Poverty and the American Family


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Change in the structure of families over the past 40 years has likely contributed to higher poverty rates. As shown below, between 1959 and 2009, the percent of families that were headed by a single parent, whether male or female, nearly tripled (from 11% in 1959 to 33% in 2009). Though the percentage of single father families has increased considerably, 78% of families with a single parent were headed by women in 2009.

 
Single parent families are economically vulnerable for the simple reason that most of them have only one wage earner. Families headed by single mothers are especially at risk of poverty because of lower wages paid to women generally. In 2009, men (over age 25) in full-time jobs were earning $162 more per week on average, than women of the same age who were also in full-time jobs. (1) Put another way, women’s weekly earnings ($657) were about 80% of men’s weekly earnings ($819).

Another factor that increases the economic vulnerability of female headed households is the difficulty of enforcing child support laws, particularly for never married mothers. In 2003, for example, about 77% of mothers who were custodial parents and to whom child support had been awarded reported receiving some amount of child support. However, less than half (45.2%) received the full amount (2).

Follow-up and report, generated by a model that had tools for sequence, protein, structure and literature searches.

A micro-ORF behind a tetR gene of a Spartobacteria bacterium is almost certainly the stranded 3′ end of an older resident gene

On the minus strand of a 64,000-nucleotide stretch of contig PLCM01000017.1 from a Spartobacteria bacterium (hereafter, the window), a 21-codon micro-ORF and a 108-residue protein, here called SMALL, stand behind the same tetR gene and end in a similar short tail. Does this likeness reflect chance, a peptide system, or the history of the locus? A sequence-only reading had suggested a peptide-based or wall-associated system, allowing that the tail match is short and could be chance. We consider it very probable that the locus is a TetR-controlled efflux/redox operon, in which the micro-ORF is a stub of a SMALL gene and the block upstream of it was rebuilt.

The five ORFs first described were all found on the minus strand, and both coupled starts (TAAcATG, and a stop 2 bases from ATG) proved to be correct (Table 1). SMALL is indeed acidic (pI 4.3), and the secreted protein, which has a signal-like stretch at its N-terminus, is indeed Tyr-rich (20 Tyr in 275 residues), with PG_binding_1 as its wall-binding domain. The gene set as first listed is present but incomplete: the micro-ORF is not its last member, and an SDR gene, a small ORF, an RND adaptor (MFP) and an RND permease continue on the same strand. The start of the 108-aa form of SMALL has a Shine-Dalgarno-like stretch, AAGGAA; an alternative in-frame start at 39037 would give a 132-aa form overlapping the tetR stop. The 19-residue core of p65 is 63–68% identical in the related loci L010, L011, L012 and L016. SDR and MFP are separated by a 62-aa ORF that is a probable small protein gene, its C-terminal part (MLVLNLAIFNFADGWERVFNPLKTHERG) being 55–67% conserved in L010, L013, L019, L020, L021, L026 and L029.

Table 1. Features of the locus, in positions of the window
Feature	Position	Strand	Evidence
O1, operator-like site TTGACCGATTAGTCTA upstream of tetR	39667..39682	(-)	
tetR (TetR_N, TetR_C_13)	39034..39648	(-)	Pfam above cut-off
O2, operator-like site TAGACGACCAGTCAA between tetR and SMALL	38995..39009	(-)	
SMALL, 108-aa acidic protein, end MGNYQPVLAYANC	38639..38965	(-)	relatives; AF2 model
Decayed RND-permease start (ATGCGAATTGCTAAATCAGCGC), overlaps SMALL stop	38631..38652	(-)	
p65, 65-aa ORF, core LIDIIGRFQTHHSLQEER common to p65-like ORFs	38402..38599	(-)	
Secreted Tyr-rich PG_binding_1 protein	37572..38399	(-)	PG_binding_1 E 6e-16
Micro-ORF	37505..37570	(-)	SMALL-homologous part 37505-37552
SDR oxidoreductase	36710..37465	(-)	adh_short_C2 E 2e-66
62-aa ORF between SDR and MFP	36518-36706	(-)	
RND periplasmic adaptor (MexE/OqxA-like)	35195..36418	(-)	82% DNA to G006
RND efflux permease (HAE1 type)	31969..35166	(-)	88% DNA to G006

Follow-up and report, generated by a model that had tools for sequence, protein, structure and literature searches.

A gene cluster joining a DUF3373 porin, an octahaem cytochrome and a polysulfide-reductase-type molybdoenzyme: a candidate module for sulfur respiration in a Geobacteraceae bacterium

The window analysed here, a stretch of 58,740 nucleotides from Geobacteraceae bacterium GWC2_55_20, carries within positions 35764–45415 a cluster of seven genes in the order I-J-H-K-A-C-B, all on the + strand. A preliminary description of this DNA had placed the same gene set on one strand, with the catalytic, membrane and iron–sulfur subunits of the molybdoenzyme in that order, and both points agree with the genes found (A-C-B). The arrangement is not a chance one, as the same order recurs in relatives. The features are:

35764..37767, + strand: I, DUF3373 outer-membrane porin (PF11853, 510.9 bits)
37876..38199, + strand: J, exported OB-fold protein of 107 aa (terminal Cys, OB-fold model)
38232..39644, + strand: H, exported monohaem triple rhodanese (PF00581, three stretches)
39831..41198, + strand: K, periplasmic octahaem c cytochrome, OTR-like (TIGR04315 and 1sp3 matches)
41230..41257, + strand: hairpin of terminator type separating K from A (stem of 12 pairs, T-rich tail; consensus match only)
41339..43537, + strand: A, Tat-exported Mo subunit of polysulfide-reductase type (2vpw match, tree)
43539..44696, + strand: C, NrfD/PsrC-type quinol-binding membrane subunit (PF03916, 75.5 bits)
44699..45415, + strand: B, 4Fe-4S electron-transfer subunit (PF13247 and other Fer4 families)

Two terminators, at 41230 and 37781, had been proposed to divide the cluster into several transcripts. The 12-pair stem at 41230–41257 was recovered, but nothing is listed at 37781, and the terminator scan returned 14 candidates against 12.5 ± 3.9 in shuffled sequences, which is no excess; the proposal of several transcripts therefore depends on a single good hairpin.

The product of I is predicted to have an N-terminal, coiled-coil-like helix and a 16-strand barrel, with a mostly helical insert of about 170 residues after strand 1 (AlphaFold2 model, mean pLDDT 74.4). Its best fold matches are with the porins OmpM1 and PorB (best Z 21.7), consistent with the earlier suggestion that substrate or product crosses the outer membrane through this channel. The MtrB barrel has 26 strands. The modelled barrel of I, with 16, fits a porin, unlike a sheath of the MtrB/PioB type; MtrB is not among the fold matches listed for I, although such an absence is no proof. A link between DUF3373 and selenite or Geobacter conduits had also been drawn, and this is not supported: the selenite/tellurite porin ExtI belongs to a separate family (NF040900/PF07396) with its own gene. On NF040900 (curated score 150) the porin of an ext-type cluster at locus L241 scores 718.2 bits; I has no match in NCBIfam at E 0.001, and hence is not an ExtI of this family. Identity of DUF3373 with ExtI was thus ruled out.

These factors combine to create a substantial economic disadvantage for families headed by single mothers, as shown below. The median income for female-headed families was just $32,597 in 2009. The median for married couple families was more than double that amount ($71,830).

 

 
 

How Do Single Parents Fare?

Not surprisingly, families with only one parent were more likely to be poor in 2009, and poverty among single mothers was particularly high. Whereas 8.3% of married couple families (with related children under 18) and 23.7% of single fathers were living in poverty, nearly four in ten (38.5%) single-mother families were poor.

 

 

The relationship between poverty and family structure becomes more pronounced when we examine the distribution of family types among all families and poor families, as shown in the figure below. Although only 25% of all families with related children under age 18 were headed by a woman (without a husband present), about 57% of poor families with children were headed by single mothers in 2009. Married couple families make up two-thirds (67%) of all families, but represent only one-third (32.6%) of poor families.
 

Endnotes:
(1) Bureau of Labor Statistics, Highlights of Women's Earnings in 2009.
(2) U.S. Census Bureau, "Custodial Mothers and Fathers and their Child Support: 2003"